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19 schools join Wisconsin voucher programs for 2022-23

Growth comes as Republican lawmakers push to make vouchers available to all

Students walk through the halls in a high school.
In this Aug. 29, 2013 photo, students walk through the halls during an open house for incoming freshman and transfer students at a high school in Philadelphia. Matt Slocum/AP Photo

Nineteen schools are joining Wisconsin’s three parental choice programs for the 2022-23 school year.

The increase is about on par with recent years. At present, the program lets families below a certain income threshold use vouchers to attend private schools, but Wisconsin Republicans want to extend parental choice programs to all families, regardless of income level.

There are three private school choice programs: one each for students living in the Racine and Milwaukee school districts, and one for students who live elsewhere in the state. Of the 19 schools new to any of the programs, Racine added Kenosha Christian Academy — which also joined the statewide program — Milwaukee added three schools, and the statewide program added 15, not including Kenosha Christian.

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Trinity Lutheran School in West Bend is one of the new participants in the statewide program.

“Where we’re at, currently there are other Lutheran private schools within five to 10 minutes from us, and they’re all a part of the choice program already,” said school principal Christopher Avila. “If we can’t offer choice, some of the families are going to look for schools that can and are teaching the same basic things.”

Trinity Lutheran will open about 25 voucher slots next year, with the intention that most will go to families who are already involved with Trinity Lutheran — for example, who send their kids to preschool — but couldn’t attend grade school there because of the tuition barrier. The school currently has about 80 students from pre-K to eighth grade.

“If we grow our school, that’d be great, but also we were looking at how it could benefit current families that we already have at our school that could qualify,” Avila said. “Over the years I’ve been doing this, I’ve known families who would like to send their kids to the school, but they couldn’t afford it, and we’d like to give them that opportunity.”

The school choice voucher programs allow eligible students to attend a private school while the school receives a state aid payment for each of those students. They’re separate from Wisconsin’s charter schools, which are public schools authorized by a local school board or other institution; or the state’s open enrollment program, which allows students who live in one public school district to enroll in a different district.

School voucher programs have been a divisive issue around the country, including in Wisconsin. They came up in last year’s state superintendent race, with now-state Superintendent Jill Underly saying she’d like to phase out the voucher program and her opponent Deborah Kerr strongly supporting school choice. Proponents say students in voucher programs have better outcomes, and that it makes private education accessible to families who may like a school’s religious education or its resources but can’t afford tuition on their own. Opponents say it takes money from public schools that could help them provide those better outcomes and resources, and often pays for students who weren’t in the public school system previously – though the program requirements limit students’ ability to participate in voucher programs if they’ve already been in a private school.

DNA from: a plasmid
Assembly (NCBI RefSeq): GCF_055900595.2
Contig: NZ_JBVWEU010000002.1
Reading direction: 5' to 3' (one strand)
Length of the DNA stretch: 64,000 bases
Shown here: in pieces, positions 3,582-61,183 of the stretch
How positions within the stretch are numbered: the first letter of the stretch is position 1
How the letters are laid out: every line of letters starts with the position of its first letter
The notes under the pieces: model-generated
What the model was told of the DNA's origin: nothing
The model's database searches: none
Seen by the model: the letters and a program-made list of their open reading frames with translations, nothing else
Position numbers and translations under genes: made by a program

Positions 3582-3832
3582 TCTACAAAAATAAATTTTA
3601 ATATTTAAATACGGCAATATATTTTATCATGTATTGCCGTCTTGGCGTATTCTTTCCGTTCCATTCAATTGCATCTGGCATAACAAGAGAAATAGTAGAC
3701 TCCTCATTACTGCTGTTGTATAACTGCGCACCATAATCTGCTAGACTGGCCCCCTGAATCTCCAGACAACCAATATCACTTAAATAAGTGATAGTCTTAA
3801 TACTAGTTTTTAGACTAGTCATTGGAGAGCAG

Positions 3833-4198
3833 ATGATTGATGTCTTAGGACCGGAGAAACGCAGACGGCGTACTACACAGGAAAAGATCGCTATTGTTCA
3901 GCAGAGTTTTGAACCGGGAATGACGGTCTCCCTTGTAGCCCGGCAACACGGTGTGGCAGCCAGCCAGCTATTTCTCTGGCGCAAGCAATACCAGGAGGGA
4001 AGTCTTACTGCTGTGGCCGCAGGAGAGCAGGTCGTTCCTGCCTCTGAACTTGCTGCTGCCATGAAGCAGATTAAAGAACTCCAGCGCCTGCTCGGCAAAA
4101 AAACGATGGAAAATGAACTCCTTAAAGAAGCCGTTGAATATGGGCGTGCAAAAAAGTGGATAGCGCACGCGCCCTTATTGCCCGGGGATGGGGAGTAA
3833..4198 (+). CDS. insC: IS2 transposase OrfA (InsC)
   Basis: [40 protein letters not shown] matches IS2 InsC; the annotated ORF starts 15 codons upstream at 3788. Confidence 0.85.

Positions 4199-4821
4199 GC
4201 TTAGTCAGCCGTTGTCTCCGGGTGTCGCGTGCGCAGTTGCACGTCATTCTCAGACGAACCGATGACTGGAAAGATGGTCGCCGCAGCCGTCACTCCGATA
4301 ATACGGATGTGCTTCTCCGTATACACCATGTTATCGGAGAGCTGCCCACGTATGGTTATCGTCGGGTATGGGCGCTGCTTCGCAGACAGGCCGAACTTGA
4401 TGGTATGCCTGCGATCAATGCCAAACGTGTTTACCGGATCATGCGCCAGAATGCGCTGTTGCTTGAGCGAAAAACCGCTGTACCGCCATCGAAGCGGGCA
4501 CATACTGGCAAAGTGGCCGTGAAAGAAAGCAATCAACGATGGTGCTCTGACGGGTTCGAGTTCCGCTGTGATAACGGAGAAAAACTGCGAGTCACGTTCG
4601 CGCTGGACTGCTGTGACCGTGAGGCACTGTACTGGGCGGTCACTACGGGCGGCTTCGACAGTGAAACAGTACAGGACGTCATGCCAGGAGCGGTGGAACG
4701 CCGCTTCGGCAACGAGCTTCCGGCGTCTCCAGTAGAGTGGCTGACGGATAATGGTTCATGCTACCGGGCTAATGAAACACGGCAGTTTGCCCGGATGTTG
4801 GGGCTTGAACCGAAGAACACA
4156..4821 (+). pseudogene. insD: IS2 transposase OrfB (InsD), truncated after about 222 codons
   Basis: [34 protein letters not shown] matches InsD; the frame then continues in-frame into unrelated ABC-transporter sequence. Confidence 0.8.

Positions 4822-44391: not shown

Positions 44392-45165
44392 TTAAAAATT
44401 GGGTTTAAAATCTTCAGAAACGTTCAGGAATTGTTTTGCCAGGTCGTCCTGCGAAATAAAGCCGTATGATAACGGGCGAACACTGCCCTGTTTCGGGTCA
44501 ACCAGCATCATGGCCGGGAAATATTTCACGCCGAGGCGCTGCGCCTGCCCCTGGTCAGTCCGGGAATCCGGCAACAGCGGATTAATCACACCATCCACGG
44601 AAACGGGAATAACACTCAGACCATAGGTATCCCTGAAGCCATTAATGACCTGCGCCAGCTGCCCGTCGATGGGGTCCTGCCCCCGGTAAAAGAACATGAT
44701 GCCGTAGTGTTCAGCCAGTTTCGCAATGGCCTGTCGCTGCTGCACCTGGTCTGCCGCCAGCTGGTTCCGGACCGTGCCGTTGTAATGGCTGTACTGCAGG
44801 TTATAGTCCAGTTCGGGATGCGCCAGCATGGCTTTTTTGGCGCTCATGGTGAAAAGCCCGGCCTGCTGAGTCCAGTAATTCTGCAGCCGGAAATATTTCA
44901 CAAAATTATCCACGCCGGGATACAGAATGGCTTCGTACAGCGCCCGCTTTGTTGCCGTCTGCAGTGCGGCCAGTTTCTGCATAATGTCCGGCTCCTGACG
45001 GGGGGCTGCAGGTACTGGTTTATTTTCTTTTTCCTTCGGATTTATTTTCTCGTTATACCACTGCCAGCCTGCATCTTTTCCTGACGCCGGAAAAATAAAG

The family income cutoff to participate in the program starts at $38,640 for students participating in the Racine and Milwaukee programs, and $28,336 for the statewide program. Those cutoffs change based on the number of children in a family. Under the proposal from Republican lawmakers, there would be no income cutoff for families to receive school choice vouchers.

Sean O’Reilly, strategic project manager for St. Augustine Prep in Milwaukee, said the Republican proposal would reduce the documentation hoops families have to jump through each year to prove they’re below the income threshold.

“I see that as a huge benefit to the current population that get choice funding,” he said.

Of St. Augustine’s 1,426 students, 1,311 are currently receiving vouchers. O’Reilly said expanding vouchers would also benefit families who aren’t able to pay tuition, but also don’t meet the current income requirements.

Schools can be registered in multiple programs. St. Augustine, for example, was already enrolled in the Milwaukee and statewide programs, and joined the Racine program for next school year to open up a few voucher spots for the children of one of the school’s teachers.

St. Joan Antida High School, an all-girls Catholic school in Milwaukee, joined the statewide program for the 2020-21 school year — meaning it could take students from anywhere in the state — but had already been enrolled in the Milwaukee-specific choice program that let Milwaukee students use vouchers to attend.

“The choice program really allows an opportunity for parents within Milwaukee that’s outside their neighborhood,” said Marikris Coryell, St. Joan Antida’s president. “By the voucher program and coming to our school, we are able to support them through a smaller environment that some students thrive in and otherwise wouldn’t be able to afford.”

The application period for the school voucher program opened Tuesday for most of the participating schools and closes at different times for different schools.

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